Over 50% of visitors will use the navigation menu to orient themselves after landing on a website from a referral. Given the significant usage your navigation menu is likely to see, it pays to put a bit of extra effort to get it right. You might also think that with the trend heading towards personalization, more of your product catalog would be exposed to shoppers. The truth is quite surprising: data indicates that up to 80% of your catalog can remain unexplored. Here are a few tips on how to set your site navigation up to ensure your shoppers can navigate down to products in the easiest way.
- If you have a very small product catalog, it makes more sense to work on creating as flat a category structure as you can. If you do list more than 100 products then a nested category structure might be necessary.
- Give your shoppers an easy to understand reference point. Group your collections under some high-level parent categories. Try using category names that are descriptive of the products listed below instead of basing it on things like gender and so on. These can always be given out as filter options.
- While it may be tempting to come up with creative ways to describe your collections in the top menu, don’t go for something too fancy. You want people to be able to quickly understand what you’ve mentioned without having to think about it too much.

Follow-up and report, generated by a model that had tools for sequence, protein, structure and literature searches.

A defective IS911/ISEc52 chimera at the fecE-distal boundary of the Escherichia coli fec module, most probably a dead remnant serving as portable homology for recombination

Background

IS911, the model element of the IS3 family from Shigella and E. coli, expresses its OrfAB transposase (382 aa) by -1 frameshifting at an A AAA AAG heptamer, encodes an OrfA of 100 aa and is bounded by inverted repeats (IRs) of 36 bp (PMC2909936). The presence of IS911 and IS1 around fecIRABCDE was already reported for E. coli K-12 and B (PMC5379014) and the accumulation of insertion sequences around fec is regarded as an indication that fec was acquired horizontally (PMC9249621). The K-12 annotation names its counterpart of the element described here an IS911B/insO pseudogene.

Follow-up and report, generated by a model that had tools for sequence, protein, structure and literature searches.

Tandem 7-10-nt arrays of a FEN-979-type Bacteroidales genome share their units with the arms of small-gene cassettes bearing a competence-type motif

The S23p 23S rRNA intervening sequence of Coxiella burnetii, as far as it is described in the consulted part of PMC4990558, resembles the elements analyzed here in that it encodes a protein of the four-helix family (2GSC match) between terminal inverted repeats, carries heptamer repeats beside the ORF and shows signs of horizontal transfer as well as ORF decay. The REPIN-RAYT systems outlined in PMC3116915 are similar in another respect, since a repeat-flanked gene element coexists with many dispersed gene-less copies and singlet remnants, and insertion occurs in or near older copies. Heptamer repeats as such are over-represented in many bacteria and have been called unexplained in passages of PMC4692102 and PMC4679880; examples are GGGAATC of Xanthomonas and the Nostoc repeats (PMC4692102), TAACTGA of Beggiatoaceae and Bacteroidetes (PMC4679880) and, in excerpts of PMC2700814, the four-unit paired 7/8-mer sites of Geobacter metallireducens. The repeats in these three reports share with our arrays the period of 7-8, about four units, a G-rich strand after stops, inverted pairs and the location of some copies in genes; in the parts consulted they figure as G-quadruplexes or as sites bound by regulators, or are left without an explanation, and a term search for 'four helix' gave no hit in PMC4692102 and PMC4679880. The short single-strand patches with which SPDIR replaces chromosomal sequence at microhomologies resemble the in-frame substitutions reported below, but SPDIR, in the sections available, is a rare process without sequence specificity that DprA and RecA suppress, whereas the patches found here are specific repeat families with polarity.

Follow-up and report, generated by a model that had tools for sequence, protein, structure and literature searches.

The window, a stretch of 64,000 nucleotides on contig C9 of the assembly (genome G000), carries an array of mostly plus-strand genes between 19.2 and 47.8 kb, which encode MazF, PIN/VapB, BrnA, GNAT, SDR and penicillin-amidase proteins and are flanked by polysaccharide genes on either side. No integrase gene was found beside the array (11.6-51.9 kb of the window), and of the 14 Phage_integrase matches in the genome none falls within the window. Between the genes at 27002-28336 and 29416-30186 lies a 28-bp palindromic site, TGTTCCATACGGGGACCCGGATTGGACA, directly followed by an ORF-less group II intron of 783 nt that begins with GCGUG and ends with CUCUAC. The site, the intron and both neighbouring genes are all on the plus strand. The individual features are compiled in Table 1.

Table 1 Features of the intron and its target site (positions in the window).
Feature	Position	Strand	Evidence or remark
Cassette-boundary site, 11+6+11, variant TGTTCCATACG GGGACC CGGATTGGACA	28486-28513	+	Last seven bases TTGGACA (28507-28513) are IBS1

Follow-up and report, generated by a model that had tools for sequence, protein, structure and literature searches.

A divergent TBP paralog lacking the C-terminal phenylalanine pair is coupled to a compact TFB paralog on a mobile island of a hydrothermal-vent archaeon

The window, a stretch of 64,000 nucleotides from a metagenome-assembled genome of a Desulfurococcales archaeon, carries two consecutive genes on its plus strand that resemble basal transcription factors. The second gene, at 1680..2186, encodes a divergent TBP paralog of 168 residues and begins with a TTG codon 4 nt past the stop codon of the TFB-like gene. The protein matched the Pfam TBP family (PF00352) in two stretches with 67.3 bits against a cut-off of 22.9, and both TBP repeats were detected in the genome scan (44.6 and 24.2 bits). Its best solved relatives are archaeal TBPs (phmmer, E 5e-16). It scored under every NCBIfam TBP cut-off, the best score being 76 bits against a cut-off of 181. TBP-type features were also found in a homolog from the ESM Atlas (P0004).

- In addition to creating collections based on the product type, you should also consider creating curated collections around different themes. For example creating a “Summer Essentials” collection just before Summer kicks in. This will help in promoting the collection as well.
- Create separate collections for other key sections: “new arrivals,” “offers” etc…
- Add an element of personalization to the top menu as well. If your shoppers are logged in you can change your “Offers” collection to include the shopper’s name. At the very least, use pronouns in this category name to make it feel more personal. You can also curate a collection based on a common shopper attribute like gender or location and include the shopper’s name in, for example, “Andy’s Amazon.” On a side note, this is something that Choice AI can help you with.
- It’s quite likely that you may have some subcategories that fit into different parent categories. When that happens make sure you list it under both the categories
If the number of products in a category is quite small, there’s no need for subcategories. The rest of the information can be given out via filters.